Sometimes it’s great to be under Pressure

I love nice surprises, and indie racer/shmup Pressure is certainly one of those. With enemy vehicles all around you, all guns blazing in your general direction, you’d think that picking bullets out of your teeth would be all that’s left of your career in living.

And yet here you come, bounding through the various valleys and halfpipes the game throws your way, gunning into the back of baddies like nobody’s business and knocking them for six, all the while a huge grin on your face as you once again survive under the most ridiculous of situations. The game may be called Pressure, and you may be surrounded by potential death, yet you’ll still spring forth from the madness again and again, happy to blast on with the next round of mayhem.

The evil Count Soap II has stolen all the water from the lake, and has syphoned it all into his uber-spa complex. Morgan and his robot dog set off on their trust vehicle of doom to catch up with the count and force him to give the water stuff back, if he wouldn’t mind.


Pressure looks like a racer, and calls itself a racer, but really it’s a shooter. You’re not actually racing anyone most of the time, and you’ve got your finger held down on the shoot button 100 percent of the time.

Not that that’s a bad thing at all, as Pressure is a fantastic shmup. As you bomb down a variety of pathways, enemies attack from in front and behind, swarming the screen and genuinely looking like they might overwhelm you at any second.

Not that they ever will. Your own vehicle is ridiculously overpowered to the point where you can easily wipe seven or eight enemy racers off the screen in seconds, and still have enough boost power left to zip off a ramp and teeter along a high-rise cliff-top. This power-driven side to Pressure is what gives the entire game its real oomph, and kept me blasting through level and level with no sign of stopping.

It’s a good thing that there’s always enemies around to kill, as this is where the “pressure” bit comes in. As you drive, your pressure bar is constantly going down, and if it hits zero it’s all over. By killing enemies and crossing checkpoints, you can build the pressure back up and keep on truckin’.


Along the way, there are upgrades to purchase using the coins you collect. It’s not completely obvious which upgrades are better than others, and which you should be grabbing first, and this seems counter-intuitive. However, it slowly but surely becomes one of Pressure‘s best features – mixing and matching combinations of weapons, rams and shields without any explanation of what works and what doesn’t means you’re forced to experiment, and this is a wonderful angle to throw at players.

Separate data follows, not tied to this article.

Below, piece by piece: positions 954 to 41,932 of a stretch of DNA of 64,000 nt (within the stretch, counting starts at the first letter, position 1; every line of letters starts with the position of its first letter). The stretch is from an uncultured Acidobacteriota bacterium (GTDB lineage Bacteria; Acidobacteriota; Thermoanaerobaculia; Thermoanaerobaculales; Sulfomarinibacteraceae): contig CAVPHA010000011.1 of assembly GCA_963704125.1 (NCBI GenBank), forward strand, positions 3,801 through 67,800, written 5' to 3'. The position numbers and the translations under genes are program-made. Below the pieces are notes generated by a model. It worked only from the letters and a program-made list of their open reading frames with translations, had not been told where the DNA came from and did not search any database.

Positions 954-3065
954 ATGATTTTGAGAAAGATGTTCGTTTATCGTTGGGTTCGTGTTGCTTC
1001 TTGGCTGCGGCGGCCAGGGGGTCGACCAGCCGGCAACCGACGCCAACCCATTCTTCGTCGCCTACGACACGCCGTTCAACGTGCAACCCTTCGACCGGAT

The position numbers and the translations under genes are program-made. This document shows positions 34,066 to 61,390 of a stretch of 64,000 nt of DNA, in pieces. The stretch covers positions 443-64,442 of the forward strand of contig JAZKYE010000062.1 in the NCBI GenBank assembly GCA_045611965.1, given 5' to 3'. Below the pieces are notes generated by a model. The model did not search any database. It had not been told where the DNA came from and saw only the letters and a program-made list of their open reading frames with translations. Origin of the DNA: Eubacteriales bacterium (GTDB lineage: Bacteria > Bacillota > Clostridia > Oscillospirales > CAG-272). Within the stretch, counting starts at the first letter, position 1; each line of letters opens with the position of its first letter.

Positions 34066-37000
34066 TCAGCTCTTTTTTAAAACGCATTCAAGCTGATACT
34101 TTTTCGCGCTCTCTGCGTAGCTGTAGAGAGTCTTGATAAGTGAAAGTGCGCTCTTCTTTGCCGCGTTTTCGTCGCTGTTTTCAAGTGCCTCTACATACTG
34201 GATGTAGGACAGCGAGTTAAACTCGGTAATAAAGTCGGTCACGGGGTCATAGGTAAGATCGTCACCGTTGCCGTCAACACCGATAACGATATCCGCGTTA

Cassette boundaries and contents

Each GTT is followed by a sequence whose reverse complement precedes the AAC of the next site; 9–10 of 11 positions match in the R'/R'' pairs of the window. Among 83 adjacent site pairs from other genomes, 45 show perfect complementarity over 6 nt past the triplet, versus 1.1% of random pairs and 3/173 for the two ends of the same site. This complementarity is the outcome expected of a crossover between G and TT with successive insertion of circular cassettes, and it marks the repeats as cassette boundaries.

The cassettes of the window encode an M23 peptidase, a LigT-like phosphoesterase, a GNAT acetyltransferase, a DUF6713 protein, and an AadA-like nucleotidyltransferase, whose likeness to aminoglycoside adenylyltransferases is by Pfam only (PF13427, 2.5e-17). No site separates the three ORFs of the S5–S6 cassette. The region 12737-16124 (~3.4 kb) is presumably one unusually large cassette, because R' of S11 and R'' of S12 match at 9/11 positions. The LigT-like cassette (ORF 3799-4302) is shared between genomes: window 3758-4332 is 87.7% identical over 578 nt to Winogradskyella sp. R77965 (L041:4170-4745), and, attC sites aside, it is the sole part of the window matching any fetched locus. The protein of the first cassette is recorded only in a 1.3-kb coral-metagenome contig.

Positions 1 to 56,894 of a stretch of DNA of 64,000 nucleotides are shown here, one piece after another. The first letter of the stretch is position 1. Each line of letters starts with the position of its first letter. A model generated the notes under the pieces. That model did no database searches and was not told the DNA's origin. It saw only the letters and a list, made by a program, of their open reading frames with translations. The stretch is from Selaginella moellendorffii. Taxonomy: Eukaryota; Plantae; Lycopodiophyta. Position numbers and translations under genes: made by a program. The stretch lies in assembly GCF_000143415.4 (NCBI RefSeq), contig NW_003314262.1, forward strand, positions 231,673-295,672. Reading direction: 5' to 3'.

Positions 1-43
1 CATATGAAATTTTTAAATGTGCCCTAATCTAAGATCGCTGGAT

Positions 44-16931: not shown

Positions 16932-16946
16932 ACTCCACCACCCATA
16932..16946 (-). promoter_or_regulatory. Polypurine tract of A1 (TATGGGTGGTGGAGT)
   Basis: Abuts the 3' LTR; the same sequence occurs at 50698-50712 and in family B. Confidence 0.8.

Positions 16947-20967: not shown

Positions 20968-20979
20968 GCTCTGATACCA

And to round it all off, Pressure just always feels right. It handles like a dream, just as a shooter/racer should, and frustration is a rare occurrence. It’s just fun through and through – if you like watch stuff go boom, and enjoy boosting over and over again through rifts of enemy lines, then you’re going to want to play this.

The game’s personality is a key talking point too, with bouncy 3D comic visuals and characters that are reminiscent of the stylish Joe Danger series, and pack in just as many off-the-cuff jokes. It’s easy to like a game when it feels a silly as this.

Pressure‘s interface could do with a minor tweaking, mind. I found I had to keep flicking my eyes back and forth around the screen as I attempted to keep track of my pressure levels, my health levels, and whether my secondary weapon was ready to fire again, all the while keeping my racer on track. Perhaps slightly more eye-catching icons and interface graphics would help.


You could also accuse Pressure of not featuring enough variety in level design, although your claim would be teetering on the brink of truth. Every time it seemed like I was about to get bored of the game’s level design, it would suddenly throw a couple of new enemies and a slightly different setting my way, keeping my antsiness at bay.

But you know what? Throw in both local and online co-op/competitive multiplayer, and you’ll barely even notice these slight niggles. Pressure is a blast, and makes for the perfect weekend video game venture.